I believe I had a unique career having served as a Sergeant twice (Sgt E-4 and Sgt E-5), also serving twice in the ranks of 1st Lieutenant and Captain; all without being reduced in rank as a punishment. I also served as a Battalion Commander, something very few Limited Duty Officers have the privilege of doing. I also retired twice; after I retired in March 1989, I was recalled to active duty and served for another 16 months being released from active duty in July 1990. At the time I was one of only four (4) Retired Officers on recall to active duty in the USMC â€“ two Colonels, one CWO4, and myself as a LtCol. I guess I didn't get things right the first time and had to do a repeat. Of course I repeated the ranks of Sergeant, Lieutenant, and Captain twice also. The important thing to remember is the opportunities to succeed are there in the U.S. Marine Corps... one only has to apply himself and keep-on, keeping-on!
Briefly my ranks were as follows: Private (E-1) (1955); PFC (E-2) (1956 - Meritoriously); Cpl (E-3) (1957); Sgt (E-4) (1958 â€“ Meritoriously); Sergeant (E-5) (1961); Staff Sergeant (E-6) (1965); WO (1965); CWO-2; 2nd Lieutenant (Temporary); 1st Lieutenant (Temporary); Captain (Temporary); CWO-3; CWO-4; 1st Lieutenant (Limited Duty Officer); Captain (Limited Duty Officer); Major (Limited Duty Officer); Lieutenant Colonel (Limited Duty Officer).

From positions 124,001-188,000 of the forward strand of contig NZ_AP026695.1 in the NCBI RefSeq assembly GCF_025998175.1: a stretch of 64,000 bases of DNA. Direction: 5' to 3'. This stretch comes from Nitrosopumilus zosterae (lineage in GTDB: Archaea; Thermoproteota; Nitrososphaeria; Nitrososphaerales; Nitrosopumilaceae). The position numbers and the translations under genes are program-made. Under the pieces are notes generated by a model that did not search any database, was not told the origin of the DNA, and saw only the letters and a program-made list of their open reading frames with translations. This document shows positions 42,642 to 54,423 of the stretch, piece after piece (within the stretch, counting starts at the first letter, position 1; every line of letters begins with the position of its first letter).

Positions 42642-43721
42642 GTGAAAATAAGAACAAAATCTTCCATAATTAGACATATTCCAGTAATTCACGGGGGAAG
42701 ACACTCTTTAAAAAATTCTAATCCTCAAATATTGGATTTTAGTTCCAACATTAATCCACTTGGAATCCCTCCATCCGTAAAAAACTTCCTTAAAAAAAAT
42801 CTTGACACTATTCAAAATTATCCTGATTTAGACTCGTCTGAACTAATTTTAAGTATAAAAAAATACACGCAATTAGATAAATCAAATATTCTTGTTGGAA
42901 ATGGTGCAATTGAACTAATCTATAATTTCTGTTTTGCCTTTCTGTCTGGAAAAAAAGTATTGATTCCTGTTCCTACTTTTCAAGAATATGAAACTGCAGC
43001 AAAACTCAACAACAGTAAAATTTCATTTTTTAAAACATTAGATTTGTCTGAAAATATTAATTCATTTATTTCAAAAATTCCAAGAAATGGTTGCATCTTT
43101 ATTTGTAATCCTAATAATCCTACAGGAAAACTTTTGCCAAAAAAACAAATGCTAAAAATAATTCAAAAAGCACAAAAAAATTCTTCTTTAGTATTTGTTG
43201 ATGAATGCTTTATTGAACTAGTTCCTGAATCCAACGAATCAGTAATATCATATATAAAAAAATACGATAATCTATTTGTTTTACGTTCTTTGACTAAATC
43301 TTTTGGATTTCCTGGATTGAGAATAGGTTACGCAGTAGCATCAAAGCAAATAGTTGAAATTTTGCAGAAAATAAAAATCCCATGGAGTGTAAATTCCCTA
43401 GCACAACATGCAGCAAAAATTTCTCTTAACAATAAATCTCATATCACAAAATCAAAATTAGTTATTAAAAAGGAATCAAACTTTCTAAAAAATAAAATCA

Palmer (Pete) Brown
Hazard On The Range
So here is the question readers, who was in your platoon that caught h-ll for their name and why?
My last name is Rounds. It wasn't too bad having that name up until range week when a PMI noticed my name and said it was a cool Marine name to have. Not sure if he said something to one of my DI's or not but a little later one of them comes up to me saying I was a hazard on the range, etc. Anyways, from then on I was instructed to yell "Rounds coming down range aye, sir" every time I took a step on the range. Occasionally I would catch a DI or PMI trying to hide a laugh. I must say it is pretty fun when you think about it.
When range week was winding down my PMI said it could have been worse, they wanted to tape a pole to me with a red flag indicating hot "rounds" coming down range. Fun times indeed!
Rounds, Chad SGT
Tango 5/11 2000-2004
As Little As Possible